Recently, U.S. space exploration agency NASA unveiled its most significant redesign of its Home & City website in about a decade. The website is aimed at giving a better idea of the many technologies they use or encounter, often on a daily basis, which they may not know were first developed by the scientists and engineers at NASA.
Even though only 130 of the thousands of technologies spun-off by NASA are included in the website, the breadth of technological development represented by even that small number is pretty remarkable. But how exactly does space exploration research result in the commercialization of items like more nutritious baby formula or precision coffee makers?
Daniel Lockney, tech transfer executive director for NASA’s Space Technology Mission Directorate, notes that research from NASA is made available to the public in many ways outside of patent licensing. For example, Lockney stated that anywhere from 15,000 up to 18,000 research papers are published every year which utilize data collected and reported by NASA. Regarding the kind of intellectual property that could be patented, however, Lockney said that the agency receives between 1,600 and 1,800 new invention disclosures each year. About one-third of those are inventions created by small business contractors or at universities, another third relates to software inventions which NASA doesn’t patent, and the remaining third typically consists of hardware inventions.
NASA will enter into a range of different patent license agreements from no-cost evaluation licenses up to exclusive license. The agency’s goal in licensing technologies is to reach the widest distribution possible for the commercialized technology. To some, it may seem unusual that exclusive licenses would be part of NASA’s licensing options if the goal was truly the widest distribution possible. “We’ll only grant an exclusive license if we believe that exclusivity leads to the widest distribution,” Lockney said, noting that there were a couple of examples where such a situation could play out. An exclusive license for the broadest possible distribution could make sense if the technology was being commercialized in a medical device and a single multinational company offers an incredibly broad distribution model; such was the case with a flexible insulating plastic material for use with pacemaker wires recently licensed by NASA with Medtronic. In other situations where multiple companies occupy the same market, NASA might grant an exclusive license to one company if it’s determined that, without the exclusivity, none of the firms could invest adequately in commercializing the technology. This situation tends to play out when the market for the commercialized technology is small and is serviced by a few small firms.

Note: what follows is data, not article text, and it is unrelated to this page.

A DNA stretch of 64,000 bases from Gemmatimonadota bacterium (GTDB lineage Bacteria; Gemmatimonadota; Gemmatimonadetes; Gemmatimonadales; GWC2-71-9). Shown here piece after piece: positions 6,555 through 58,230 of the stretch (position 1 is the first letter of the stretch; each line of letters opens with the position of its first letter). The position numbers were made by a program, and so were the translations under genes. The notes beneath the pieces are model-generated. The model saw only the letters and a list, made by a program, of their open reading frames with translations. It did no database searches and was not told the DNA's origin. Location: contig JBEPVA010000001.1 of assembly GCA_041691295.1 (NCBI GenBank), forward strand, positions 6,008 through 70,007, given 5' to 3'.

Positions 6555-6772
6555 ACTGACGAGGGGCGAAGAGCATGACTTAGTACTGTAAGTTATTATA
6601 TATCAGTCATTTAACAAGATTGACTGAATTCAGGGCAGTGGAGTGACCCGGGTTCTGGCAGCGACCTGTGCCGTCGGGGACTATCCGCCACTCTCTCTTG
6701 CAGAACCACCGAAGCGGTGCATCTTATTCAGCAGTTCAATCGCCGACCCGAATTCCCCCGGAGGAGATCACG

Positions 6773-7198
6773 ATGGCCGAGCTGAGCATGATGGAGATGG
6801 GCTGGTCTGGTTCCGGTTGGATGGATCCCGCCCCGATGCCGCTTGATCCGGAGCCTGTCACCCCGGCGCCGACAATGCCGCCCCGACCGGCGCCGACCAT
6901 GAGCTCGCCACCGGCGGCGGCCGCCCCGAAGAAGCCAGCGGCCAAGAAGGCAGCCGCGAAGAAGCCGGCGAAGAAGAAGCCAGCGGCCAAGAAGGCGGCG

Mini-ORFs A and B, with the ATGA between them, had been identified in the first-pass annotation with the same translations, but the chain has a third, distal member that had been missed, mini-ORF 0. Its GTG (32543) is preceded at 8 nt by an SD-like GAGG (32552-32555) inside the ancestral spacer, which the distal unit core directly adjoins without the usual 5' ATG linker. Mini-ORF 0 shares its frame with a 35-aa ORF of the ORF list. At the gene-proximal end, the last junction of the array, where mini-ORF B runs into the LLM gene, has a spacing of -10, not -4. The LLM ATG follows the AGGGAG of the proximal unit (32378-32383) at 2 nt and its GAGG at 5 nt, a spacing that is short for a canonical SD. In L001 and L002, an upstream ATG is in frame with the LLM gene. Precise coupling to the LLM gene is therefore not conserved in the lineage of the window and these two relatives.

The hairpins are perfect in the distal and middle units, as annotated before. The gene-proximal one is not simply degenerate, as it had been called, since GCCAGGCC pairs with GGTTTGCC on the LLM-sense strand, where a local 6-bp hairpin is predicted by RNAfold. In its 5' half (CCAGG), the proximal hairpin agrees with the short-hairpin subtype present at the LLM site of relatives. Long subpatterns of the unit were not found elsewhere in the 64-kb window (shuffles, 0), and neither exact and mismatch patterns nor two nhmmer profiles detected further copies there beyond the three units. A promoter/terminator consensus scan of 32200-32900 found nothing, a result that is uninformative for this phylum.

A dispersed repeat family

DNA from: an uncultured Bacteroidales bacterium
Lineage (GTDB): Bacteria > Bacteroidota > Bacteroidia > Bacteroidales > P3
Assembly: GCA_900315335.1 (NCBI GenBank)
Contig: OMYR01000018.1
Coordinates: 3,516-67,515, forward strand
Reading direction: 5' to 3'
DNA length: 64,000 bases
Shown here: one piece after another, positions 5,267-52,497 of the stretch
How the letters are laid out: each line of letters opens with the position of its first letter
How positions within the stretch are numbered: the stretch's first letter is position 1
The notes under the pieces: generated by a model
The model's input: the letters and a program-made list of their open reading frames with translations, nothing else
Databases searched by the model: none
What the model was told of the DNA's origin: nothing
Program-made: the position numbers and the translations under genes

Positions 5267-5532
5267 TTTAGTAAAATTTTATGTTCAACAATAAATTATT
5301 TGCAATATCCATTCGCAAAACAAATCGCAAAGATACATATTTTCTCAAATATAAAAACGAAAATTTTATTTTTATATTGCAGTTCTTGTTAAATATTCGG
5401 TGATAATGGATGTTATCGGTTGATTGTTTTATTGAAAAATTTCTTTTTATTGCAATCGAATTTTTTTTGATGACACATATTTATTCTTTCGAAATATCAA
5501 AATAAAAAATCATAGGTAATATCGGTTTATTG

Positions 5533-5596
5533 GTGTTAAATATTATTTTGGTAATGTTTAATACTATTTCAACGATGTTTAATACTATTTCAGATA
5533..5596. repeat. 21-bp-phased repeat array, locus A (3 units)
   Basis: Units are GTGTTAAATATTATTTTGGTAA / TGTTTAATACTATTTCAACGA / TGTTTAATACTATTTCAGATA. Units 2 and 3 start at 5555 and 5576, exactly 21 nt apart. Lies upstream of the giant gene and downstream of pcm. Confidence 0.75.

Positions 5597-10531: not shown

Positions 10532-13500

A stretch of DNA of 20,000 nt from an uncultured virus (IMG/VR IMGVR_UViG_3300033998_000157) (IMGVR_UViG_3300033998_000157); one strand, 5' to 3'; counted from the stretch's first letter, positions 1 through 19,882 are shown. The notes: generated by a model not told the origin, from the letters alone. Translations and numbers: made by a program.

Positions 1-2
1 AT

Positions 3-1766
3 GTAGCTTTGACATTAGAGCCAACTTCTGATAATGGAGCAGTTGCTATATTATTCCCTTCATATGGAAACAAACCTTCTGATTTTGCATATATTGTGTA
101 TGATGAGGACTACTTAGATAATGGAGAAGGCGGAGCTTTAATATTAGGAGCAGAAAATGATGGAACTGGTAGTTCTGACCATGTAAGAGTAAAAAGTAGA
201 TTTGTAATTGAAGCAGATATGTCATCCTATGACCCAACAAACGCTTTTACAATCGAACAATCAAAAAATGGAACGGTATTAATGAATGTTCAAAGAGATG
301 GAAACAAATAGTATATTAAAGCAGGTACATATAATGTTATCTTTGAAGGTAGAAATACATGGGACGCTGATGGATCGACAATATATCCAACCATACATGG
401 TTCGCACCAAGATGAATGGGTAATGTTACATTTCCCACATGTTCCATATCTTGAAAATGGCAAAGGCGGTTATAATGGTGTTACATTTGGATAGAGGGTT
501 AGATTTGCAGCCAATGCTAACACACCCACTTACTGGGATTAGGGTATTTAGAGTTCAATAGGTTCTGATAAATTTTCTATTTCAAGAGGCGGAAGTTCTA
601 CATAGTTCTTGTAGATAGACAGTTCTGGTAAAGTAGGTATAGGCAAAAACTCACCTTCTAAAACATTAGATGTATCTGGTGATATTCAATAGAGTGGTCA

Technology transfer has long been a focus at NASA and Lockney points out that one of the main functions of the agency under the terms of the National Aeronautics and Space Act of 1958, the law that created NASA, is to “provide for the widest practicable and appropriate dissemination of information concerning its activities and the results thereof.” By 1963, NASA had established its first tech transfer office and the agency was publishing NASA Spinoff by 1976 in order to show how NASA research and development was impacting the lives of the American public. Interesting, Lockney notes that the first issue of NASA Spinoff featured a technology commercialized by John Deere to improve tractor technology, and the 2017 issue of Spinoff published last year discussed John Deere using precision global positioning system (GPS) technology from NASA for automated farming with the use of unmanned tractors.
In some instances, technology is commercialized by researchers who work with NASA on a project and see a new potential application of that technology; such was the case with the aforementioned algae-based additive for more nutritious baby formula. In other instances, NASA will screen inventions disclosed to the agency and analyze the potential applications and benefits and either market the inventions online, exhibit the invention at trade shows or even cold-call companies which could be interested in the technology.
NASA doesn’t file patent applications for defensive purposes; according to Lockney, the only reason NASA would file for a patent is to license and commercialize a particular technology. Part of NASA’s process of screening new invention disclosures to determine whether or not to file a patent application involves considering whether the inventor would be a champion for commercialization. “Our patenting activities require that an inventor is willing and able to teach and show partners how to use the technology,” Lockney said. The readiness of the technology for commercialization is also a factor informing NASA’s patenting activities. According to Lockney, the agency looks for technologies that can be commercialized within a five- to seven-year time frame, prior to the patent’s second maintenance fee payment.
Currently, Lockney estimates that 30 percent of NASA’s patent portfolio is licensed with sensors, instruments and new materials being among the most popular. About 85 percent of NASA’s patent licenses is with firms that aren’t in the aerospace sector. “We’re really proud of our licensing process,” Lockney said. “It’s straightforward and simple. It’s the kind of thing you’d expect with a commercial enterprise but maybe not a government agency.” NASA publicizes information regarding its patent and technology portfolio through a searchable online database where interested parties can view technologies and even begin the licensing process by answering a questionnaire which is then sent to NASA’s licensing managers.